I have been in a great quandary over trusts. I do not know what attitude to take. I do not intend to play a demagogue, but on the other hand, I do intend to see that the rich man is held to the same accountability as the poor man. And when the rich man is rich enough to buy unscrupulous advice from very able lawyers, this is not always easy.
in an August 15, 1899 letter to a friend
It is not the critic who counts; not the man who points out how the strong man stumbles, or where the doer of deeds could have done them better. The credit belongs to the man who is actually in the arena, whose face is marred by dust and sweat and blood; who strives valiantly; who errs, who comes short again and again, because there is no effort without error and shortcoming; but who does actually strive to do the deeds; who knows great enthusiasms, the great devotions; who spends himself in a worthy cause; who at the best knows in the end the triumph of high achievement, and who at the worst, if he fails, at least fails while daring greatly, so that his place shall never be with those cold and timid souls who neither know victory nor defeat.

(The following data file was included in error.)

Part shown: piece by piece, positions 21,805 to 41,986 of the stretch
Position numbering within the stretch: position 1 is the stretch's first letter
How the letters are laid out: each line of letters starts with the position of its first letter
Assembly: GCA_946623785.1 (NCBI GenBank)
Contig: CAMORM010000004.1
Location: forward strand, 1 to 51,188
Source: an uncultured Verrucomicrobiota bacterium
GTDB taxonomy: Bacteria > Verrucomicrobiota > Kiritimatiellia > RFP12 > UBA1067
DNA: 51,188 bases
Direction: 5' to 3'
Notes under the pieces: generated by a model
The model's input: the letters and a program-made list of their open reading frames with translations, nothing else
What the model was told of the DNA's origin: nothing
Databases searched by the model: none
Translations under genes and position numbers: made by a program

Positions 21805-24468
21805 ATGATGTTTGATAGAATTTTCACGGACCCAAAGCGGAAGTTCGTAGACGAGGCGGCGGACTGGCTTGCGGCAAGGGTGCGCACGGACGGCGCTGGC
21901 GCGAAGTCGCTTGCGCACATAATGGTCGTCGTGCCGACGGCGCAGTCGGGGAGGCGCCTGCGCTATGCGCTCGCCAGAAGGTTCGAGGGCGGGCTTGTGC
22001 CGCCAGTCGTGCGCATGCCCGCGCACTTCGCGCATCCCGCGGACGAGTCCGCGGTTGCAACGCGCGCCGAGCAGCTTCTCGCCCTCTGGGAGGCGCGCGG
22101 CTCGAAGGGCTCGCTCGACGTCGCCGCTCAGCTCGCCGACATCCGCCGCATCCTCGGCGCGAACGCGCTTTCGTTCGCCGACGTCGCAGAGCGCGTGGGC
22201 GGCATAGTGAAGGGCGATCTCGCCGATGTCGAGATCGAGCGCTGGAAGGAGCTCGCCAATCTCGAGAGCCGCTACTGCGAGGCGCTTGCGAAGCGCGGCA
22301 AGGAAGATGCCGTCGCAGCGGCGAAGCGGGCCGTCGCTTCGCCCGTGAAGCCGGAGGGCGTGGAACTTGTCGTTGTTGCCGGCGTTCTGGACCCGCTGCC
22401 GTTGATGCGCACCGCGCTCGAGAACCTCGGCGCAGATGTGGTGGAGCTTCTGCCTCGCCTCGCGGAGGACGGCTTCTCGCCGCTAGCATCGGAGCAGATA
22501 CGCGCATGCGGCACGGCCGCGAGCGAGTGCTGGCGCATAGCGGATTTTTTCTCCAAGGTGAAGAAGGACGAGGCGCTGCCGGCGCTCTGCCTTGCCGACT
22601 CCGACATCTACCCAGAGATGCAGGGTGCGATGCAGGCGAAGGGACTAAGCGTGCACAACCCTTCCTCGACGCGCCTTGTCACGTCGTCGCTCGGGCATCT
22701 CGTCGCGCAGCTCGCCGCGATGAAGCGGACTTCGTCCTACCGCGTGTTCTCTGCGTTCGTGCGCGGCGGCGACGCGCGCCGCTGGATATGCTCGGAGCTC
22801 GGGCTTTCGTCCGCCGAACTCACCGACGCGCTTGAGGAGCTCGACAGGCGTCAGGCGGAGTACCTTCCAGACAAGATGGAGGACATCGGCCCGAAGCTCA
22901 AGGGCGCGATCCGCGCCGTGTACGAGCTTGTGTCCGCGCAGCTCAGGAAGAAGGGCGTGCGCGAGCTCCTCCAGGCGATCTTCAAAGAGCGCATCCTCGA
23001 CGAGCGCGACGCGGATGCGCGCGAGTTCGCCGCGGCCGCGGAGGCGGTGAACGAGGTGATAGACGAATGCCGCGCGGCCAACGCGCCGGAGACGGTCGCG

Theodore Roosevelt, April 23, 1910